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Why so gloomy ? perceptions of economic mobility in Europe and Central Asia

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  • Cancho,Cesar A.
  • Davalos,Maria Eugenia
  • Sanchez,Carolina

Abstract

Despite significant improvements in per capita expenditures and a marked decline in poverty over the 2000s, a large fraction of Eastern Europe and Central Asia's population reports their economic situation in the late 2000s to be worse than in 1989. This paper uses data from the Life in Transition Survey to document the gap between objective and subjective economic mobility and investigate what may drive this apparent disconnection. The paper aims at identifying some of the drivers behind subjective perceptions of economic mobility, focusing on the role of perceptions of fairness and trust in shaping people's perceptions of their upward or downward mobility. The results show that close to half of the households in the region perceive to have experienced downward economic mobility, that is, that their position in the income distribution has deteriorated. The results also show that perceptions of higher inequality, unfairness, and distrust in public institutions are associated with downward subjective economic mobility. The findings from this study confirm that factors beyond objective well-being are associated with the perceptions of mobility observed in Europe and Central Asia and may explain why the region has had such a pessimistic view of economic mobility during the past two decades. Understanding what drives people's perceptions of their living standards and quality of life is important, because regardless of objective measures, perceptions could influence people's behavior, including support for reforms and labor market decisions. For Eastern Europe and Central Asia, a region that has undergone substantive transformations and which is still going through a reform process, accounting for these aspects is critical.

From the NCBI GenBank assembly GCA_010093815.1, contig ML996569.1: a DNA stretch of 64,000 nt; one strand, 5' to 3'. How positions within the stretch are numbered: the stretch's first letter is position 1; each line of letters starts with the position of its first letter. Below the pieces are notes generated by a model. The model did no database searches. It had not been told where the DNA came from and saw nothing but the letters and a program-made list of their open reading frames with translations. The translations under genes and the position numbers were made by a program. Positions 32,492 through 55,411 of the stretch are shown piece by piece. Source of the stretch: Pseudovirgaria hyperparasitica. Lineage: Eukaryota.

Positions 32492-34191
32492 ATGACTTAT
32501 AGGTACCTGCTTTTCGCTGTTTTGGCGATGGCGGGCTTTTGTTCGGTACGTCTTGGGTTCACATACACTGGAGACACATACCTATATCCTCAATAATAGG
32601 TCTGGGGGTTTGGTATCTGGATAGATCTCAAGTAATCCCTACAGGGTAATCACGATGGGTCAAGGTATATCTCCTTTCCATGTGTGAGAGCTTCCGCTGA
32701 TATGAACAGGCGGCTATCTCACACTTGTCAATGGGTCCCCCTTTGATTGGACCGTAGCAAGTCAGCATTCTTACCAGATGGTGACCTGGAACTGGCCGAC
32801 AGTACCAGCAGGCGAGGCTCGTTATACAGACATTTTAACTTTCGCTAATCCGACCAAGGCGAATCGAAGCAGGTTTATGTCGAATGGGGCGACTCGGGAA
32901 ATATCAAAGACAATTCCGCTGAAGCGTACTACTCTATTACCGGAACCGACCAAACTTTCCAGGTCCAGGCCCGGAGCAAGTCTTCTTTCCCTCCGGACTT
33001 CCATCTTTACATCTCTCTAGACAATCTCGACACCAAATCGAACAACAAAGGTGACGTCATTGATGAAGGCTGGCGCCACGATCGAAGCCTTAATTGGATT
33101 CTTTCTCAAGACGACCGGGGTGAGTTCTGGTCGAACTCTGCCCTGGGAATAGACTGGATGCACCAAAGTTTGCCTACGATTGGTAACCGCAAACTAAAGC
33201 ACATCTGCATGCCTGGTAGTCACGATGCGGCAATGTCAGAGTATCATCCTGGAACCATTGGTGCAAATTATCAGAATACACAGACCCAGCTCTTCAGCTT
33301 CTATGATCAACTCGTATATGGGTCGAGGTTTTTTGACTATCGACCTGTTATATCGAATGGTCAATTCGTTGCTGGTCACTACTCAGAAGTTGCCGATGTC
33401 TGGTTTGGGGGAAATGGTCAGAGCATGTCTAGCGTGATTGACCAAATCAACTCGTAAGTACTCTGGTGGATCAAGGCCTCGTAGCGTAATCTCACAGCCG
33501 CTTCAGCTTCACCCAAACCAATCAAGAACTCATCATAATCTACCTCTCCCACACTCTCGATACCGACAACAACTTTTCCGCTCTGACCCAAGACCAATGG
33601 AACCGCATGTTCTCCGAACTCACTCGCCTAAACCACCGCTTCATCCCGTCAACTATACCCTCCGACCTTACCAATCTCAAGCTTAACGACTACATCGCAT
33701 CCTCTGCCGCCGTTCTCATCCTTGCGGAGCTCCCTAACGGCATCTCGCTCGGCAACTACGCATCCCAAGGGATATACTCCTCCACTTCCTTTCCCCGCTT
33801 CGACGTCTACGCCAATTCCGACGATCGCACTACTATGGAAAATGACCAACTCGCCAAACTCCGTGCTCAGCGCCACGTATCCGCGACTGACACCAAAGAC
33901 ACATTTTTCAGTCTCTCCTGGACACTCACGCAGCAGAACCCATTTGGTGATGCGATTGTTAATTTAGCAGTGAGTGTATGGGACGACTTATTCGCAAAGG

Suggested Citation

  • Cancho,Cesar A. & Davalos,Maria Eugenia & Sanchez,Carolina, 2015. "Why so gloomy ? perceptions of economic mobility in Europe and Central Asia," Policy Research Working Paper Series 7519, The World Bank.
  • Handle: RePEc:wbk:wbrwps:7519
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    1. World Bank, "undated". "Europe and Central Asia Economic Update, November 2016," World Bank Other Operational Studies 25341, The World Bank.

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